What Shapes the Local Galaxy Luminosity Function?

Nicolas Bonne (Monash University)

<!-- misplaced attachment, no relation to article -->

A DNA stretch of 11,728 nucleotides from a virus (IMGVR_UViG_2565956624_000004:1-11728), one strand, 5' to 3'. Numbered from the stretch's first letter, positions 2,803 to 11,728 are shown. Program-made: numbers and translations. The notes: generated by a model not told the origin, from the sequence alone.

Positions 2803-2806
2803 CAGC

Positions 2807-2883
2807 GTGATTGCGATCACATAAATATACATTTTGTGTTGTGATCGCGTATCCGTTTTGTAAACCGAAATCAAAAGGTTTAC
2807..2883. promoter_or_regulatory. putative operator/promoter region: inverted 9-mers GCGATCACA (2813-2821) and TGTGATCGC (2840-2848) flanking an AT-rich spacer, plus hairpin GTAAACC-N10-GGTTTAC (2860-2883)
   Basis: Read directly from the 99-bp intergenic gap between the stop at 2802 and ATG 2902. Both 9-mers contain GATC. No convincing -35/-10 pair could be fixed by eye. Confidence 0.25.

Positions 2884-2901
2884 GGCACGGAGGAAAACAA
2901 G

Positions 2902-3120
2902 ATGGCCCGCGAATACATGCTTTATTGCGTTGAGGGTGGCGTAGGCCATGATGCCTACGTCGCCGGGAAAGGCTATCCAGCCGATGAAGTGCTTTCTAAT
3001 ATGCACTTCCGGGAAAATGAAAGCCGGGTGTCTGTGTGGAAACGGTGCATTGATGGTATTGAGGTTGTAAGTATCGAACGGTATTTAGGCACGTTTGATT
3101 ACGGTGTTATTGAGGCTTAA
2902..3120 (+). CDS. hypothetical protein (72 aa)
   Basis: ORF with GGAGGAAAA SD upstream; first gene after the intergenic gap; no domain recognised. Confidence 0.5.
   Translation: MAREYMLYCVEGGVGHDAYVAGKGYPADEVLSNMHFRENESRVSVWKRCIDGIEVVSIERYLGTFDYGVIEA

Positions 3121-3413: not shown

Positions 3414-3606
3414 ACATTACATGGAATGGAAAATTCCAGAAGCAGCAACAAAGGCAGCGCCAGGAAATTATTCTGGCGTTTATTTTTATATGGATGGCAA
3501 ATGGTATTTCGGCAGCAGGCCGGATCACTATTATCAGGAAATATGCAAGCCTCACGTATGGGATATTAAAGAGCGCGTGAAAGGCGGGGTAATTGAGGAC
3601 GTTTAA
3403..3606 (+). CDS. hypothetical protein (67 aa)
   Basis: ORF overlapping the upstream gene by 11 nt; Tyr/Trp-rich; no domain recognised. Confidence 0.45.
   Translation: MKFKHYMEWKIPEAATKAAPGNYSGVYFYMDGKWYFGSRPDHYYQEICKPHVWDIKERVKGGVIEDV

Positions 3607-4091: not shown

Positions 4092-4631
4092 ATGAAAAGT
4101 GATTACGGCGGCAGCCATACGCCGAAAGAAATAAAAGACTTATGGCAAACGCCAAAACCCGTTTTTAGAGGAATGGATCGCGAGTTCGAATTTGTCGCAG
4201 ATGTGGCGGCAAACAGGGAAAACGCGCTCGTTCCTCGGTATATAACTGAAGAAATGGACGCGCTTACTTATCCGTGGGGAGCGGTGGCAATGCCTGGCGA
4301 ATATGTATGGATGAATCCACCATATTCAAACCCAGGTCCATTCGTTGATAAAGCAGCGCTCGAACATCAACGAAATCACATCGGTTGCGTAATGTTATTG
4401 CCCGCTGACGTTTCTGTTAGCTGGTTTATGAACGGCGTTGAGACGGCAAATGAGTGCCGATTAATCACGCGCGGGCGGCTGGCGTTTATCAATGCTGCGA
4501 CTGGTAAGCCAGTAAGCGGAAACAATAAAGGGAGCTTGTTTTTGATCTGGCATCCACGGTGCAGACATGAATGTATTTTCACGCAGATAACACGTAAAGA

We have determined near infrared K-band luminosity functions for 13,321 galaxies in the local Universe, as functions of both morphology and colour. All galaxies have known morphologies and redshifts, and $K_{tot}$ $\leq$ 10.75. Photometry is taken from the 2MASS XSC catalogue, redshifts and magnitudes are taken from a number of catalogues. In addition, redshift independent distances are compiled from a number of publications and redshifts are corrected for local bulk flows. By combining redshift independent distances and redshift derived distances with bulk flow corrections, we expect to produce an improved estimate of the faint end of the luminosity function. Red/blue and early/late-type selected luminosity functions have different shapes, and we investigate the causes for this by measuring the optical red and blue luminosity functions of early and late-type galaxies using photometry from SDSS. We find that the bright end of our spiral galaxy luminosity function is dominated by a population of massive, red spiral galaxies. If red spirals are formed through the truncation of star formation, these objects must be relics of a much earlier age. Alternatively, these red spirals may not be passive, continuing to form stars and grow.

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